Mitch Karno, Ph.D., email@example.com
Mitchell Karno (Ph.D. in Clinical Psychology, University of California, Santa Barbara, 1997) is Associate Research Psychologist in UCLAs Department of Psychiatry and is the Director of Alcohol Studies at ISAP.
Dr. Karno's primary research areas include patient-treatment matching, mechanisms of behavior change for alcoholism, and screening for alcohol problems. Dr. Karno is Principal Investigator for multiple studies funded by the National Institutes of Health, including a study to assess which types of therapist interventions are most and least effective for different patients during alcohol treatment, and a study to examine factors associated with help-seeking and change in substance use in the general population. Dr. Karno is Assistant Editor of the journal Addiction.
Sherry Larkins, PhD, firstname.lastname@example.org
Sherry Larkins, Ph.D., has worked for Friends Research Institute and UCLA’s Integrated Substance Abuse Programs since 1998. She currently directs co-occurring training and evaluation initiatives across the state. Prior to her current position, she was the Director for a study investigating the diffusion of HIV and other STDs among methamphetamine-using MSM and MSM, and worked with a research team exploring behavioral treatment interventions for stimulant and alcohol abusers. She has been involved in substance abuse research for over fifteen years and completed her doctorate in sociology at Rutgers University in 1999. Her research interests include stimulant abuse, substance abuse treatment for marginalized populations, sexual risk behaviors associated with substance use, and qualitative methodologies.
Beth Rutkowski, MPH, email@example.com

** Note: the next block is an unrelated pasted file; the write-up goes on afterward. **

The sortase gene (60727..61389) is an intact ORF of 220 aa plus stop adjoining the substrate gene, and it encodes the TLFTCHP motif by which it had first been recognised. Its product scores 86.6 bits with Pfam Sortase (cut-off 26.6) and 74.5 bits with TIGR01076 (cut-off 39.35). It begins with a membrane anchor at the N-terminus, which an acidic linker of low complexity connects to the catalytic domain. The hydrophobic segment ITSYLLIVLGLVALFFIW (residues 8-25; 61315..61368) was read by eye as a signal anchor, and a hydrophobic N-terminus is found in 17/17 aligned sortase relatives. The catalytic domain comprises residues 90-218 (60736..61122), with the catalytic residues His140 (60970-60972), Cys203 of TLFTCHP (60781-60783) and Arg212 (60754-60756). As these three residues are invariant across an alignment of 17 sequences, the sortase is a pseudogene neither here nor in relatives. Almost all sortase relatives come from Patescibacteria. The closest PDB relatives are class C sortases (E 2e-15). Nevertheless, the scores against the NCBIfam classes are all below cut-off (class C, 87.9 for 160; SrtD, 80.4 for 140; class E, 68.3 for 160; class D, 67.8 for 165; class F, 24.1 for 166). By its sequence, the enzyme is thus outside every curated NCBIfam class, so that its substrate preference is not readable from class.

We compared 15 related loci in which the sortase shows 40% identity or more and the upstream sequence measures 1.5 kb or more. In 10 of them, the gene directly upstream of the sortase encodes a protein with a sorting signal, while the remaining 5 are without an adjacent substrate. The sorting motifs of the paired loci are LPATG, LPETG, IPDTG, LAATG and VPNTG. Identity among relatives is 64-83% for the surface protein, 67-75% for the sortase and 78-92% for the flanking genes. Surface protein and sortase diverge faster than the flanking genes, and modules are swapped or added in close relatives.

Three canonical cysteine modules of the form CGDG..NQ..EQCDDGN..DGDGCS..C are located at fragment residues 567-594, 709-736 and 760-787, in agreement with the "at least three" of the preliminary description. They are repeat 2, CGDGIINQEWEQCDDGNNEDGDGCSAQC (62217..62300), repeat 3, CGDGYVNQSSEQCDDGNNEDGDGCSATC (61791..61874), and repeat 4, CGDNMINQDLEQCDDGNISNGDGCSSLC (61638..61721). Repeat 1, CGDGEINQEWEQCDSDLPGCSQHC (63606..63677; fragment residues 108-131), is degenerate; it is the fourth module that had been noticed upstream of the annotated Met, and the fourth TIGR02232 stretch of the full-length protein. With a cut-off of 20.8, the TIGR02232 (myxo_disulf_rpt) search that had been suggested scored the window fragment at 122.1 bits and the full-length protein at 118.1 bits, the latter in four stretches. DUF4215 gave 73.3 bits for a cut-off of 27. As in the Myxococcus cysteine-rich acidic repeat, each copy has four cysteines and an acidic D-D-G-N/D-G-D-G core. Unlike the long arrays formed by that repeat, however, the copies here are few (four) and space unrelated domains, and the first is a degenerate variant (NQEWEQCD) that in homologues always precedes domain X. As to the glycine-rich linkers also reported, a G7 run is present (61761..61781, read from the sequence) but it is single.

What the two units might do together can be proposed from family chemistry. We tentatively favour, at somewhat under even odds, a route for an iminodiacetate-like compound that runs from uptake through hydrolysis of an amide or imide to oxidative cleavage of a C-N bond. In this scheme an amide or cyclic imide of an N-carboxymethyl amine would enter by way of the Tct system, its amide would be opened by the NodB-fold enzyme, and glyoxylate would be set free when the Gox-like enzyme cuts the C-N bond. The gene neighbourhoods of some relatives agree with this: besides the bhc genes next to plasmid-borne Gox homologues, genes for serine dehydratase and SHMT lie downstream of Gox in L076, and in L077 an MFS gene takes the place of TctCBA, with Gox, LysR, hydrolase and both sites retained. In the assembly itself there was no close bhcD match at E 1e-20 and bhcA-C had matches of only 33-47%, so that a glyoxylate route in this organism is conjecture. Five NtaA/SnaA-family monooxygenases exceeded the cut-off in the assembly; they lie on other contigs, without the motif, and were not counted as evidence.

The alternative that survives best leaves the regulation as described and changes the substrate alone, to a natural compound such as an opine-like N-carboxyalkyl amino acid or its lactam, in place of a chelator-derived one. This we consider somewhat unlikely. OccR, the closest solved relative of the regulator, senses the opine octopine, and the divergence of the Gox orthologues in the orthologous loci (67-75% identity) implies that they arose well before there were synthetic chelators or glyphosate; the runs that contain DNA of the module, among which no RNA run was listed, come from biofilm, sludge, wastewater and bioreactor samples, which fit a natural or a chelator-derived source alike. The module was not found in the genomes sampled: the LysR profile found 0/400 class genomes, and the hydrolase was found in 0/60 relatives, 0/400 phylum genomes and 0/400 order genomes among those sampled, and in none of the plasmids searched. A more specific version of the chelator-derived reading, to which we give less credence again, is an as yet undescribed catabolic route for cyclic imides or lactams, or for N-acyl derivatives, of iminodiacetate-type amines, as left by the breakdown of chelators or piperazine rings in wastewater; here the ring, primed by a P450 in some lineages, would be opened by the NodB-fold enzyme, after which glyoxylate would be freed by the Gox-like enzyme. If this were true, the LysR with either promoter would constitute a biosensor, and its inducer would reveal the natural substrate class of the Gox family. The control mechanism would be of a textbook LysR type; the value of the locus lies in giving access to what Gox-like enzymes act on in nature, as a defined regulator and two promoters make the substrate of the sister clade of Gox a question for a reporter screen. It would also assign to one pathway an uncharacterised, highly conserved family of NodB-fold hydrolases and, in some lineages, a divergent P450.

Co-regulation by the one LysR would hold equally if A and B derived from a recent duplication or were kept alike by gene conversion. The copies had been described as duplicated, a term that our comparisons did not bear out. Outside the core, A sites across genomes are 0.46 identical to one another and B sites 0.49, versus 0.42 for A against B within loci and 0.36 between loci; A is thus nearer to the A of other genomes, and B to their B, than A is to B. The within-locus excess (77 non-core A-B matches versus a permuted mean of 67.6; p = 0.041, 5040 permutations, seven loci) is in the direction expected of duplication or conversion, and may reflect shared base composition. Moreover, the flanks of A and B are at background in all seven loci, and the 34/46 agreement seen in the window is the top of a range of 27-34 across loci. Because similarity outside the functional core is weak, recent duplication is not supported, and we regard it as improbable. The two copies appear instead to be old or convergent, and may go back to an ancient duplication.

Beth Rutkowski is the Associate Director of Training/Epidemiologist. Ms. Rutkowski received her Master of Public Health degree, with an emphasis on epidemiology and quantitative methods, from the University of Medicine and Dentistry of New Jersey, School of Public Health in 2000. She has been associated with UCLA’s Integrated Substance Abuse Programs (ISAP) since December 2000, and currently serves as the Associate Director of Training. The majority of Ms. Rutkowski’s time is devoted to the SAMHSA-supported Pacific Southwest Addiction Technology Training Center (Pacific Southwest ATTC), where she assists in the development of rollout training packages based on evidence-based substance abuse research and targeted to the community at large. In addition, she organizes and conducts conferences and trainings throughout the two-state Pacific Southwest region (Arizona and California) on scientifically validated interventions and topics, such as substance abuse research and policy, methamphetamine abuse, process improvement strategies to improve client engagement and retention in treatment, screening, brief intervention, and referral to treatment, HIV and drug abuse, substance abuse epidemiology, medication-assisted treatment, and best practices in addiction treatment. Ms. Rutkowski recently directed a California Endowment-funded project entitled Adopting Changes in Addiction Treatment, where five regional NIATx/ACTION Campaign learning collaboratives were established to encourage staff from 150+ substance abuse treatment agencies in nearly 50 California counties to implement rapid cycle process improvement change projects. She also directed a phase II pilot project focused on improving client engagement and retention in substance abuse treatment and recovery programs in Los Angeles County, CA (based on strategies developed by the Network for the Improvement of Addiction Treatment [NIATx]). Ms. Rutkowski has co-authored and edited several peer reviewed research articles, book chapters, special issues, and technical reports on treatment evaluation, research-practice partnerships, process improvement strategies for use in substance abuse treatment programs, prescription drug misuse, the epidemiology of methamphetamine and crack cocaine abuse, and local, national, and international drug trends.